Retail makeover

The challenge for Macy's is to keep Hecht's customers but few traditions

September 05, 2006|By Andrea K. Walker | Andrea K. Walker,Sun reporter

When Hecht's officially becomes Macy's on Saturday, the aim is to hold on to some local traditions of the venerable Baltimore-area department store chain in a nod to customer nostalgia.

But there won't be much to keep: Two private-label brands are staying and much of the work force will remain. The frequent coupon sales offered at Hecht's will largely disappear in favor of everyday deals on select merchandise.

The challenge for Macy's as it remakes itself in Baltimore is that Hecht's does not have a signature product, such as candy or a traditional parade, that stands out as do some of the other 10 regional chains that Federated Department Stores is buying from May Department Stores.

In Chicago, Federated is creating a candy kitchen for Frango, the famous chocolates and mints sold at Marshall Field's. In Oregon, Federated agreed to put the Meir & Frank name on plaques outside the stores even after they were renamed Macy's. In Boston, Federated will continue the annual Christmas tree lighting at Filene's and become the official department store sponsor of the Boston Red Sox.

Some of those traditions will be brought to Baltimore as Macy's starts selling products like Frango in its stores. As the department store attempts to re-create itself as a high-fashion retailer with exclusive products, Macy's will also introduce new collections. They include shoes and purses designed by British designer Dame Vivienne Westwood for Nine West and a line of sportswear designed by Elie Tahari. Macy's also will unveil a robotic vending machine that sells iPods and other electronics.

"We feel that is a big part of the piece of the pie that is going to make us distinct," said Paul Proietto, senior vice president of stores for Macy's East and a former Hecht's executive. "Offering merchandise that can only be found at Macy's will help us differentiate ourselves."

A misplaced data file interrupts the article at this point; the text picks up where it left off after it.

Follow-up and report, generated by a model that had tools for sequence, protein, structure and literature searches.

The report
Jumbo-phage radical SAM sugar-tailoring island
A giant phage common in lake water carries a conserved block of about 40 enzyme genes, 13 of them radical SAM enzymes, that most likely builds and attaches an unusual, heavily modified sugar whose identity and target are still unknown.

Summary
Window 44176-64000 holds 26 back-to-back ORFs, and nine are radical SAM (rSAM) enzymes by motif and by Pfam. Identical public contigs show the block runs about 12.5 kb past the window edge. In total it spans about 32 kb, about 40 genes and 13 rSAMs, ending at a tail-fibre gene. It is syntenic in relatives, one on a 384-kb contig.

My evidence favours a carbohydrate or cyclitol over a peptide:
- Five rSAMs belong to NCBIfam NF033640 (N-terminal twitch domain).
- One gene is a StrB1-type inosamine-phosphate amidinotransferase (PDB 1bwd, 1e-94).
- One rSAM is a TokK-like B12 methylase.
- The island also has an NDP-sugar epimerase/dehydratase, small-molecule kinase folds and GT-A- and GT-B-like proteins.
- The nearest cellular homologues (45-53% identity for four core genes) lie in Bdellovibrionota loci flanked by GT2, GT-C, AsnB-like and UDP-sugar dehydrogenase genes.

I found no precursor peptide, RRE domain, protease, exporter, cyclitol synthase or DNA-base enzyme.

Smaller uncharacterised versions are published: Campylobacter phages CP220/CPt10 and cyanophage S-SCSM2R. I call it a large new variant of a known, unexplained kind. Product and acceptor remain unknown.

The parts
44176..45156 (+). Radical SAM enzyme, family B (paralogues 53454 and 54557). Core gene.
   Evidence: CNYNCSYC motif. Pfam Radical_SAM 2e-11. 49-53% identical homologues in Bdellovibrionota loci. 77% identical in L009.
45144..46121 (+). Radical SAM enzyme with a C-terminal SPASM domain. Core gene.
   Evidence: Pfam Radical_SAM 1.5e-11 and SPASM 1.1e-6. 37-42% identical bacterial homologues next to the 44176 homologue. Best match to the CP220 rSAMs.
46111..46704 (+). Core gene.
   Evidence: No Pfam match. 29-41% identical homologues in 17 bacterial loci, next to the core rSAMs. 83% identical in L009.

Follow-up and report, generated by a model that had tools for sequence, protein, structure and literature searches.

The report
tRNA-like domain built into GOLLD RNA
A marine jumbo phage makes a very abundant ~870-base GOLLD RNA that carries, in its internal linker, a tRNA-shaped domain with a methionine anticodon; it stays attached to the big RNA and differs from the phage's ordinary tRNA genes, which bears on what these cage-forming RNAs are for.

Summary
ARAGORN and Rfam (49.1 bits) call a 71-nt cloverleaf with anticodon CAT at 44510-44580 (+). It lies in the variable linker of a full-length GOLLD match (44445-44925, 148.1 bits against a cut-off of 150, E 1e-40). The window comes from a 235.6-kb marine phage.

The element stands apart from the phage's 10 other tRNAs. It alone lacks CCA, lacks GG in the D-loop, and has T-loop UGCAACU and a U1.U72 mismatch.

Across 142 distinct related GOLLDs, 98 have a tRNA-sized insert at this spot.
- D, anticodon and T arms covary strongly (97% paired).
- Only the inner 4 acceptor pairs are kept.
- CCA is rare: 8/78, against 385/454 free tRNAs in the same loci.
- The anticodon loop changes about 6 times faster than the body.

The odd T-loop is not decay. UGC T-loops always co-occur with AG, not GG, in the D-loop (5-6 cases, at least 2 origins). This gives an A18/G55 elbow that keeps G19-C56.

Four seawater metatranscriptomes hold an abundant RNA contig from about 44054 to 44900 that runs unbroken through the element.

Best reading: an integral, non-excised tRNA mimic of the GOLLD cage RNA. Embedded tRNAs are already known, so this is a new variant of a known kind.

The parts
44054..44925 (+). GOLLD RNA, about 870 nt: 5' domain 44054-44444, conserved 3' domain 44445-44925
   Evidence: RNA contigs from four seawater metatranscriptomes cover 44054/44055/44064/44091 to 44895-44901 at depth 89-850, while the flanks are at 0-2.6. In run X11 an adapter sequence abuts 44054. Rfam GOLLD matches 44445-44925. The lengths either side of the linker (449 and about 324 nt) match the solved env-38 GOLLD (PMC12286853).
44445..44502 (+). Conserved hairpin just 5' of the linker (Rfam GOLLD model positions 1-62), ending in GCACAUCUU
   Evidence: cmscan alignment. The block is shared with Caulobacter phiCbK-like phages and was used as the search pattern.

For all the pieces that Macy's is trying to fold into its new image, its mission in the $11 billion merger is clear: fixing the problems that have troubled homogenized department stores in recent years and made them second-tier places to shop. To survive, the new Macy's must improve customer service, prove it can provide fresh fashions and attract shoppers younger than 35.

To do that, it must phase out much of what made the regional department stores what they were. Most of Hecht's house brands and others from the May merger are being eliminated. Instead, Macy's will focus on its own private label brands, including INC International Concepts and Style & Co., both contemporary lines for women, and American Rag, a trendy teen line.

"I thought Hecht's had a perfectly OK brand name, but it wasn't like a Neiman Marcus," said Craig Johnson, president of Consumer Growth Partners, a retail and consumer consulting firm in New Canaan, Conn. "On the other hand, Marshall Field's had a strong name in the Chicago area and it still does."

A Macy's East spokesman acknowledged that few pieces of Hecht's would convert to the new stores. But the company said that its local staff is in tune with what Baltimore shoppers want, pointing to, for instance, the popular May clothing brands of John Ashford for men and Karen Scott for women that will be sold at all Macy's. Proietto also said Hecht's had a better merchandising strategy for national brands such as Jockey and Levi's that Macy's will keep in place.

"We're taking the best of both worlds and blending them together," he said. "Even though there will be some of the same merchandise from store to store, we're not going to forget you're from Baltimore and that there are things that you like."

Retail analysts said that local distinction, no matter how small, would help Macy's win over customers who may have an emotional connection to the regional name and see Macy's as a New York name that they can't relate to.

"Consumers respond more to tradition and identify with the feelings of a brand more than they do the brand itself," said Barry Seifer, a principal and head of the retail practice of Cubellis Marco Retail, a retail planning and design firm. "Consumers are saying, `Leave me with something meaningful. Make sure we still have our traditions.'"

Hecht's has a storied history in the Baltimore-Washington area, growing from a Baltimore furniture store started by Samuel Hecht in 1857.

Karen Elliott, 50, said she remembers shopping at Hecht's as a child and said it's sad that such an institution will soon no longer exist.

"It's too bad all of the old local chains are going away," said Elliott, an information systems consultant who lives in Baltimore.

Federated has already converted three Hecht's into Macy's stores in the Baltimore area - at White Marsh Mall, Owings Mills Mall and Marley Station Mall in Glen Burnie.

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